Why the opposition lost to Putin

As Russia's opposition comes to terms with Sunday's results, the time has come for sober reflection. The conclusions are clear, if uncomfortable: Putin is back, and he may well be in for a long time.

There are many people in Russia who would sincerely like to see the end of Putin's system of power, but after months of protests it is time for a sober assessment of the situation. 

The system was expected to collapse any day: be it as the result of a sudden uprising of the entire nation, from Chechnya to Chukotka, or as the result of the peaceful actions of the opposition in the centre of Moscow. Some rather strange assumptions circulated widely. For instance, it was assumed that if thousands of protesters took to the streets at once, the authorities would not be able to ignore the protest.

Helped by government resources, a servile media and eager-to-please officials, Vladimir Putin enjoyed a comfortable victory on Sunday. Barring economic catastrophe, Russia's oppostion will now have to play a much longer game than they anticipated. Photo: Vitaly Ragulin

It turned out that, quite simply, it can if the actions of the masses are peaceful. Mass peaceful protest may be a powerful weapon in a democratic society with a free media. But in Russia, it was interpreted by the authorities as the result of machinations initiated abroad by enemies plotting our demise. And many Russians bought this version.

Another strange assumption was that the protests, which rapidly gained traction in Moscow, would spread across the entire country in an equally swift way. Actually, Russia is a very varied place. The level of political culture in Moscow and Petersburg is entirely different than in small, provincial cities, where the local population either doesn’t use the internet at all, or if it does, uses it entirely for entertainment, obtaining information solely from the propaganda broadcasts of Putin's TV. And in the northern Caucasus, let's say, many people vote according to clan logic, or - which is more likely - do not vote at all, giving the leadership the liberty to freely rig election results.

In a word, the world is a far more complicated place than it seemed to many of us at the beginning of December last year, when thousands of protesters suddenly took to the streets. To be even more precise: the lighting-fast arrival of the protest in response to the rigging of the parliamentary elections showed the authorities that the world is more complicated than it appeared to the Kremlin's political scientists. And that triggered the resignation of their main proponent – Vladislav Surkov. The further events then showed the 'political scientists of the opposition' that they are also far from an adequate understanding of the situation. The Kremlin has temporarily won back its position, and it cannot be ruled out that this period will be rather lengthy.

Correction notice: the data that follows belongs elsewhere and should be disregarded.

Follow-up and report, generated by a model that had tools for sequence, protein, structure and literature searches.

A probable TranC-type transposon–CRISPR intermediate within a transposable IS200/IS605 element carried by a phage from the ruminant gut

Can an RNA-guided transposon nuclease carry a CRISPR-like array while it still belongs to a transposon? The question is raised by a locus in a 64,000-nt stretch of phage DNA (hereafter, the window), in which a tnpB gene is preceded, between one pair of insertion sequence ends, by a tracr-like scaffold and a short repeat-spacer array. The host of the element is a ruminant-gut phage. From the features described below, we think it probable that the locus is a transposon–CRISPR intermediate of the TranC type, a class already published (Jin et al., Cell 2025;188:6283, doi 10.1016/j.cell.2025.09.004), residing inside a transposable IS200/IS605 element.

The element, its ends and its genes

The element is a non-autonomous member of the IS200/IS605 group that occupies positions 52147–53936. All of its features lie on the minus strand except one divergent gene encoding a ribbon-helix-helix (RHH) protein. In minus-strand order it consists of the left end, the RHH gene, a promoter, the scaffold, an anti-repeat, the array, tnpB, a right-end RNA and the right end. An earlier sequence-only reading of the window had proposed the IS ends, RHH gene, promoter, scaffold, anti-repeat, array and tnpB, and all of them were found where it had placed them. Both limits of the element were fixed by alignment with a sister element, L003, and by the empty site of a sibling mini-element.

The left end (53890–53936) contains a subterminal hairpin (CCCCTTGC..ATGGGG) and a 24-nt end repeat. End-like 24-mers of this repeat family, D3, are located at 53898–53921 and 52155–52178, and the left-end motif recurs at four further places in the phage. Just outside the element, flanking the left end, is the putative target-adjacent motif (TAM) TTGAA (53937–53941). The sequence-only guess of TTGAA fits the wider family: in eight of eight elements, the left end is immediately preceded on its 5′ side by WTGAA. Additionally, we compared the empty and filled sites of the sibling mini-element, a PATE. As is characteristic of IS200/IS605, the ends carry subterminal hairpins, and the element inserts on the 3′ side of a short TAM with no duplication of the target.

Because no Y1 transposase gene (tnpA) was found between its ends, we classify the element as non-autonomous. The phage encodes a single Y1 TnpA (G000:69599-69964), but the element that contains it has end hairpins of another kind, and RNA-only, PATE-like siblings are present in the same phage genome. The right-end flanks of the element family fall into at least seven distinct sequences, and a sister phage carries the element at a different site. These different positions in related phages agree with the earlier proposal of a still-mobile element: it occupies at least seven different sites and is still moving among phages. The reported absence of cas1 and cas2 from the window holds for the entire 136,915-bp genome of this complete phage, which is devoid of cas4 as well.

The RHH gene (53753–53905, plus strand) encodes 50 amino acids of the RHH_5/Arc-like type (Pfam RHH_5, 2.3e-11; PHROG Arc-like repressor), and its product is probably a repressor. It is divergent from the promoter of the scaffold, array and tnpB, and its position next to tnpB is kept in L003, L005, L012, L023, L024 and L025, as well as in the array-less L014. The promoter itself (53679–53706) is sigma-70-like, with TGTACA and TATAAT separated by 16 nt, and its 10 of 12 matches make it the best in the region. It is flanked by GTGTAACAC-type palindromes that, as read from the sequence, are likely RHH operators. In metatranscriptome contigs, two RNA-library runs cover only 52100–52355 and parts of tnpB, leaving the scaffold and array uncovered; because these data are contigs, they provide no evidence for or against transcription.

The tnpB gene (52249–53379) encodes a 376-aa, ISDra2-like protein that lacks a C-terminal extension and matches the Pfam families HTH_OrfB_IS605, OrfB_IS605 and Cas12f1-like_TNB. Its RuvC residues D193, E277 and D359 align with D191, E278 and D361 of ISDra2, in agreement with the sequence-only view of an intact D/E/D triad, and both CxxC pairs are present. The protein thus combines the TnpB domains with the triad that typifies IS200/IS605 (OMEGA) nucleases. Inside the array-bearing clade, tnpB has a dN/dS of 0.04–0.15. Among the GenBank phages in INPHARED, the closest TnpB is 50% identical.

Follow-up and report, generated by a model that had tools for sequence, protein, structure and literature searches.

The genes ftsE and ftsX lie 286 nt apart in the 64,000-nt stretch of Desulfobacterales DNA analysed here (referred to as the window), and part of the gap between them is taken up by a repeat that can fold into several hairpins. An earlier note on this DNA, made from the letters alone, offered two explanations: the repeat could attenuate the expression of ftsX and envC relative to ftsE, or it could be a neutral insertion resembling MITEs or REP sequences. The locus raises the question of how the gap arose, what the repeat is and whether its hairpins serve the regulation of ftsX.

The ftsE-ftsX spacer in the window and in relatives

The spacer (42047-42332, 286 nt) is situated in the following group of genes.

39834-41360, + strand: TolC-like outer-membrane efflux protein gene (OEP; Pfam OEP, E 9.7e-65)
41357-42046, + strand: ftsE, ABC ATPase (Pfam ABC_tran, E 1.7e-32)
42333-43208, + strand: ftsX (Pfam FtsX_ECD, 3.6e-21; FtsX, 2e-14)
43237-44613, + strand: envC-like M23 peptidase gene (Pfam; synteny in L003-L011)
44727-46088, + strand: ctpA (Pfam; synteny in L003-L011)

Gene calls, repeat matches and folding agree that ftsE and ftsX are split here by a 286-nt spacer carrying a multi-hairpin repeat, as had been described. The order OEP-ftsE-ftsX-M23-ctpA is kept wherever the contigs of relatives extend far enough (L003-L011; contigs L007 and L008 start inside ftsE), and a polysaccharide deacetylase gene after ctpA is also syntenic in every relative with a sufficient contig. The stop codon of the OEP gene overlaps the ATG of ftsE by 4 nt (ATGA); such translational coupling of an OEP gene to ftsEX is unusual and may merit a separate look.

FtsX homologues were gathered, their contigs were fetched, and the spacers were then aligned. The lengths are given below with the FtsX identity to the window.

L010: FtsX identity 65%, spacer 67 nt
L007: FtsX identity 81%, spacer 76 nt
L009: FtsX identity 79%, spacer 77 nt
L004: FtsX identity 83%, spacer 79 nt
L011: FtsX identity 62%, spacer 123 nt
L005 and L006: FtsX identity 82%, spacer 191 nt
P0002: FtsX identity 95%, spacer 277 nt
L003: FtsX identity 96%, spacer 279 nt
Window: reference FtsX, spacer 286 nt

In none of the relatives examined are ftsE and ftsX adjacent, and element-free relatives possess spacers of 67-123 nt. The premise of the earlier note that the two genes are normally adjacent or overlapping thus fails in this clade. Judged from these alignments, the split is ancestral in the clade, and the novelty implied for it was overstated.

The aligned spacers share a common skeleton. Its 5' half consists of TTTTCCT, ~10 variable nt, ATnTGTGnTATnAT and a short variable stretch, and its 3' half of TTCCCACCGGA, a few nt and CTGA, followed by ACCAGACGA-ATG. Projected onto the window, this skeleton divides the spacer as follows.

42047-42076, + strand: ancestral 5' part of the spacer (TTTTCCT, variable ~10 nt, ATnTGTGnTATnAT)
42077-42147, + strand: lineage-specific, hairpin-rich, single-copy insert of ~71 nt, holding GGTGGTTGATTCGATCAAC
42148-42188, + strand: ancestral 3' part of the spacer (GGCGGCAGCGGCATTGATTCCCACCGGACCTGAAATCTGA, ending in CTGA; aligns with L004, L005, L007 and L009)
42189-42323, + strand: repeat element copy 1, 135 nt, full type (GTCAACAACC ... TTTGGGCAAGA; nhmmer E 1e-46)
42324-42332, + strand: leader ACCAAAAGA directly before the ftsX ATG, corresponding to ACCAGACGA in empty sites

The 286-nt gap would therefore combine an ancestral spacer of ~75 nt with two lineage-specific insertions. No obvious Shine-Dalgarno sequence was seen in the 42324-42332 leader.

Today, we can finally analyse the unfolding situation without vanity and unnecessary illusions. I suggest that two key facts must be noted above all.

Common ground

First, the Russian 'white revolution' (let us called it that given the white ribbons that the protesters wore on their clothes) has nothing in common with those revolutions that have recently been seen in the Muslim world. The factors that made the protests successful in the Middle East were not at work in Russia.

‘The authorities and the opposition are actually very similar. They both want to consume already today, and nobody believes in grand ideas like communism or Islamic fundamentalism. The opposition is unhappy with the corruption of the authorities, and the authorities are unhappy with the fact that the opposition are imposing 'feed boxes' on them. In such a standoff, nobody wants to sacrifice their life or health by taking protests to the level of armed conflict.’

Ideology played a key role in Muslim countries. The ideals-less and corrupt authoritarian regime faced the dream of millions of people about a better future, which was supported by honest religious ideas. Let us put aside for now the question about how constructive or destructive such ideas are. Important is the fact that they mobilised if not millions then at least thousands of people to take up robust and even armed opposition against the regime. The protesters were prepared to shed blood in their fight for power and a better future, and the ruling groups lacked sufficient strength to suppress the opposition movement.

In today's Russia, no opposition to the ideology of the ideals-less and corrupt authoritarian regime exists. The authorities and the opposition are actually very similar in their affiliation with the consumer society of the Western world. Put more bluntly, they all want to consume already today, and nobody believes in the improvement of their lives with the help of grand ideas like communism or Islamic fundamentalism. The opposition is unhappy with the corruption of the authorities, which prevents the nation from consuming all kinds of amenities, and the authorities are unhappy with the fact that the opposition are imposing 'feed boxes' on them. In such a standoff, nobody wants to sacrifice their life or health by taking peaceful protests to the level of armed conflict. And because the majority of the nation trusts not the opposition but the authorities, which hold the tools for mass propaganda (TV above all), the 'white revolution' will result in nothing, at least for the time being.